Someone mentioned earlier that we should feel luck to be served warm food at all. Well, I was served a still FROZEN entree on a UTA flight from Lilongwe, Malawi to CDG about ten years ago, as I mention in another post re: UTA. I tapped the solid mass with my knife, the F/A looked at it with an embarassed grin, and brought me a piping hot one right after that. It was the best scallops I've ever had on a plane, let me tell you, so I just laughed off the experience.
Jaysit From , joined Dec 1969, posts, RR:
Reply 18, posted (14 years 3 weeks 4 days 7 hours ago) and read 1064 times:
A choice of deli sandwiches, fruit, juice.
Or a burrito, or a grilled chicken sandwich with a salad.
Stuff that reflects the way Americans live and eat today, especially when we are a culture on the run, and into fitness. You do NOT need more than a good, filling sandwich, fruit, and a beverage on a 2-3 hour flight. If nothing else, serving food that at least looks fresh and healthy such as this will give Airline food a new image.
Something simple that looks edible as opposed to a tiny tray filled with stuff wrapped up in celophane or covered that vaguely resembles meat with blue tin foil .
Avion From Bouvet Island, joined May 1999, 2205 posts, RR: 7
Reply 19, posted (14 years 3 weeks 4 days 7 hours ago) and read 1061 times:
Well Lufthansa, BA, Austrain, Swissair or British Midland are not state owned and they still always manage to serve you meal! And on a european trans-con flight like LHR-ATH that takes about 3 hours 30 minutes you can expect a nice big meal.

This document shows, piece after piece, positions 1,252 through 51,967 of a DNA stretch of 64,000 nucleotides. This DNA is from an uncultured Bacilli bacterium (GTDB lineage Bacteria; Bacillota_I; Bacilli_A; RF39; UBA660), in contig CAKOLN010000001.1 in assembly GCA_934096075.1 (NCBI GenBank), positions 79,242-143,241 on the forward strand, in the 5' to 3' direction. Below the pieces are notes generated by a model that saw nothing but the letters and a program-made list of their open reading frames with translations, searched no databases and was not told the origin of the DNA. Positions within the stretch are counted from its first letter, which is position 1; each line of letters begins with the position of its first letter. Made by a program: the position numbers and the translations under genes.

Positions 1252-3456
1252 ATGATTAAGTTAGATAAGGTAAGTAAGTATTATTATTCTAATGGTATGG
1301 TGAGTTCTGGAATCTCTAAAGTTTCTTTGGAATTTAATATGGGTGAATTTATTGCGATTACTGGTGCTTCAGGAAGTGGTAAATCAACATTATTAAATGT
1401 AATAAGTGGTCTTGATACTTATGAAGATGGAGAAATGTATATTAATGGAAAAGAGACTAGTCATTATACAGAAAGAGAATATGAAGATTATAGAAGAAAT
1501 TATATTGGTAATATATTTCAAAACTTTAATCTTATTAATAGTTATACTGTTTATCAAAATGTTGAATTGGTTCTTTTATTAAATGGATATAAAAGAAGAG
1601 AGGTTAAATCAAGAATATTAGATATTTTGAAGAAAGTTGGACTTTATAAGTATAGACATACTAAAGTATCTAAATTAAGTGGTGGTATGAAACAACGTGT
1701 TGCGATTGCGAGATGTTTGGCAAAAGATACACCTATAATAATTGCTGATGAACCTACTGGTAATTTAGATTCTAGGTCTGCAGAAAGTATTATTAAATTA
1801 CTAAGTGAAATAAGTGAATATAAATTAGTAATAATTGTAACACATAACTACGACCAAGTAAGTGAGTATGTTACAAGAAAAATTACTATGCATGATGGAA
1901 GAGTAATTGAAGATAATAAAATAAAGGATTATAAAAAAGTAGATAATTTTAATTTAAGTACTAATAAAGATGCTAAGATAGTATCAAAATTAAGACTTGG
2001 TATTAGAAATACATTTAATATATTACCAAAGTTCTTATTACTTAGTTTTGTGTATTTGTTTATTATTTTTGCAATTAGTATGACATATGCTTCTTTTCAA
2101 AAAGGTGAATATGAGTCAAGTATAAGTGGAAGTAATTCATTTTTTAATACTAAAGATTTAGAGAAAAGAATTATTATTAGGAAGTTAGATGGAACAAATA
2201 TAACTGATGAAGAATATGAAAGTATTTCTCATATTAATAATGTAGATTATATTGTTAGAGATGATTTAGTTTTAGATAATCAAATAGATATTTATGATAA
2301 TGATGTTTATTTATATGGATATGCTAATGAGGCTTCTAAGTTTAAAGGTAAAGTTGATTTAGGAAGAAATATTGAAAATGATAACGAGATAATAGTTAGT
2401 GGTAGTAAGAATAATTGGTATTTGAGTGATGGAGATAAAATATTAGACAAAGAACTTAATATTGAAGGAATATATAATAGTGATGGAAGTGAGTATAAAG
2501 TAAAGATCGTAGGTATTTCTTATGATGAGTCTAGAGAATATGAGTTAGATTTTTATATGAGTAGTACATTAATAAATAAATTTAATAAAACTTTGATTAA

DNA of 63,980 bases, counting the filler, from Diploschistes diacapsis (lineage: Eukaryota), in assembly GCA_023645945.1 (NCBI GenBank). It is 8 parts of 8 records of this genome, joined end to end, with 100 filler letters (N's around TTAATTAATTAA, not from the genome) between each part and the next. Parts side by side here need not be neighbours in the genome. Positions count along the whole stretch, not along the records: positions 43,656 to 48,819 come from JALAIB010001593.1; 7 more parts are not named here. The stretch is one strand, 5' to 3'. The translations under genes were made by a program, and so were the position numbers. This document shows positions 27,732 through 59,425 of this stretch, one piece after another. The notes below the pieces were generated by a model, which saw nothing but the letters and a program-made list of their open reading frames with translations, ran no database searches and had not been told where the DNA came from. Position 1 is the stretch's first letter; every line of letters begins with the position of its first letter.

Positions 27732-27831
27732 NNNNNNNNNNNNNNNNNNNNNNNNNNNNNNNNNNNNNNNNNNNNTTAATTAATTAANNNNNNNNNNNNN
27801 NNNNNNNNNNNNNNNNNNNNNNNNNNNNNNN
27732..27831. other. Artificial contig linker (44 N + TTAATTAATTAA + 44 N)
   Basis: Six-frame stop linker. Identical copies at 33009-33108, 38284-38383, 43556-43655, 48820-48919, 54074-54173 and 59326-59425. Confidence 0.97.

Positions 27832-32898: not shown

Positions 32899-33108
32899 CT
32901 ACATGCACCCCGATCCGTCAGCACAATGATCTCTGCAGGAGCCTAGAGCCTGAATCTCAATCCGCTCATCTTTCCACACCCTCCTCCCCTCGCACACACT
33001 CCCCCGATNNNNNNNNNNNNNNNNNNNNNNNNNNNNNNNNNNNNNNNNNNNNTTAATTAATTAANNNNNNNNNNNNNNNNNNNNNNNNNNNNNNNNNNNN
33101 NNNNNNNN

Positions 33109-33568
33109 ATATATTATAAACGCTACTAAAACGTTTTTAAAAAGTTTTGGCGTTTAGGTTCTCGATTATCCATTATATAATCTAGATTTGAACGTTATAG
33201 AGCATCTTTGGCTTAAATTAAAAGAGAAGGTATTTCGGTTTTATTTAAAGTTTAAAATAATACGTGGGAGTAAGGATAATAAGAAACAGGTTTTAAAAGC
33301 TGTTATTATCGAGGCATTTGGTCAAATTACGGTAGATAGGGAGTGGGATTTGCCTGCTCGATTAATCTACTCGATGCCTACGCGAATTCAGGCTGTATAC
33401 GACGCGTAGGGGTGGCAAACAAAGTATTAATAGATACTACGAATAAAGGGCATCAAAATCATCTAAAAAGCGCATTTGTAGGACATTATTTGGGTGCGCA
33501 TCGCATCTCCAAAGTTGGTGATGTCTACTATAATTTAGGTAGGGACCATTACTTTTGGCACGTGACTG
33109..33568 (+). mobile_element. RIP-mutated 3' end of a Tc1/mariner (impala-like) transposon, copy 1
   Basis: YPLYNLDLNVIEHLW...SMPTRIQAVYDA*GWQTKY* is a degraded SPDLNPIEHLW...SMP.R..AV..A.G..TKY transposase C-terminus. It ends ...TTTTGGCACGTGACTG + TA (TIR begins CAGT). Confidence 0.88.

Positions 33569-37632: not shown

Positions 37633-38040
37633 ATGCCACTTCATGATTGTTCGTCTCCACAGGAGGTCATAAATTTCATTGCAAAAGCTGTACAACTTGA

Mx5_boy From , joined Dec 1969, posts, RR:
Reply 21, posted (14 years 3 weeks 3 days 23 hours ago) and read 1017 times:
You get some peanuts today. You carp on about European carriers being state subsidised? Aussie carriers haven't for years and we still manage something decent.
More peanuts to you for your banal contribution. My god, McDonalds on aircraft? Could you not pick the lowest common denomenator of food? TWA you need help! lol (*grin*)
I think a few people lost the plot of the thread. Some tried to contribute, but the concensus reached should be that full service carriers in the USA have absolutely no excuse not to provide a reasonable meal or snack.
The fact that someone pointed out that a certain airline worked out they could save x amount of dollars on cutting an olive out of their meals only proves my point that your carriers are ripping you off.
It's time to let the airlines know that "service" counts. People wonder why FA's and ground staff are so miserable sometimes - put yourself in their situation. Happy satisfied customers = happy staff and vice versa.